It would be desirable to provide a conductive foil printed circuit pattern on a flexible conductive tape or a flexible foil printed circuit pattern on a dielectric carrier tape with cantilevered lead fingers of approximately two mils width so as to accomodate the presently anticipated highest density VLSIC chips being manufactured in the laboratories today. Further, it would be desirable to increase the yields of lead carrier tape manufacturers and the yields on TAB bonding machines when employing high density fragile delicate lead fingers on the circuit patterns being attached to the integrated circuit chips.
It is a primary object of the present invention to provide a method and means to commercially produce lead carrier tapes having printed circuit tape sites thereon with fragile cantilevered lead fingers and to produce higher hields at the bonding station without a cost increase in the manufacture of the lead carrier tapes.
Another primary object of the present invention is to provide means for commercially producing lead carrier tapes having printed circuit tape sites with smaller inner lead fingers located on closer arranged centers so as to provide a greater number of cantilevered lead fingers over a device aperture while increasing the number of perfect printed circuit tape sites that reach the bonding station.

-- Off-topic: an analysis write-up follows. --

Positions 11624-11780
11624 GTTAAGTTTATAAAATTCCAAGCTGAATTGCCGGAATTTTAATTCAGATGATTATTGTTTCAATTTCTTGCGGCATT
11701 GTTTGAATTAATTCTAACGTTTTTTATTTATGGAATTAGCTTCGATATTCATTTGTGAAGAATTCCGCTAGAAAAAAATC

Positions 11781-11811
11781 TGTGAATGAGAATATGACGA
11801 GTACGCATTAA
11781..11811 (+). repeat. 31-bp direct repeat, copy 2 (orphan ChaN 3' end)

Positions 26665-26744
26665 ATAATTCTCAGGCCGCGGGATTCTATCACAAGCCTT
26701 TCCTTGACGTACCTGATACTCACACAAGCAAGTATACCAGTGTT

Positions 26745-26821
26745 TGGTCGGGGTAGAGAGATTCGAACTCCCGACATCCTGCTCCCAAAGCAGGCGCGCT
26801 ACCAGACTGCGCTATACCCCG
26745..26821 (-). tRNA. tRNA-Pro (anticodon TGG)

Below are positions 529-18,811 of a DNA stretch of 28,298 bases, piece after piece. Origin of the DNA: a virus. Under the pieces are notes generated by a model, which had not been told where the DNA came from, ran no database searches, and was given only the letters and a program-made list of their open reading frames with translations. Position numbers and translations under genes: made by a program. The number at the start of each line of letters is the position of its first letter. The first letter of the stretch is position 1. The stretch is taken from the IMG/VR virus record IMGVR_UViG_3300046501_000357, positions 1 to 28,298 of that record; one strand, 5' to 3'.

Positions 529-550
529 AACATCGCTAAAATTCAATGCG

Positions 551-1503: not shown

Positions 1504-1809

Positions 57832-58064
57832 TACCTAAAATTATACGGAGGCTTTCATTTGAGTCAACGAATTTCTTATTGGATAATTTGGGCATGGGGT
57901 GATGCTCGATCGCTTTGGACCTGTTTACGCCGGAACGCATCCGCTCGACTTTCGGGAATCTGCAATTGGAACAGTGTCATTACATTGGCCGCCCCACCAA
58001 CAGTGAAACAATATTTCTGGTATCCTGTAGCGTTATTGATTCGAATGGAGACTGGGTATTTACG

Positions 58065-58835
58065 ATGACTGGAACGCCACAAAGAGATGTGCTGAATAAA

Another primary object of the present invention is to provide a lead carrier tape having printed circuit tape sites which produce greater yields of acceptable leads bonded to the integrated circuit device.
It is another object of the present invention to provide means for conducting a bond pull strength test after the delicate fragile cantilevered lead fingers are bonded to the terminal pads of an integrated circuit device.
It is another object of the present invention to provide means for automatically and sequentially conducting bond pull strength test.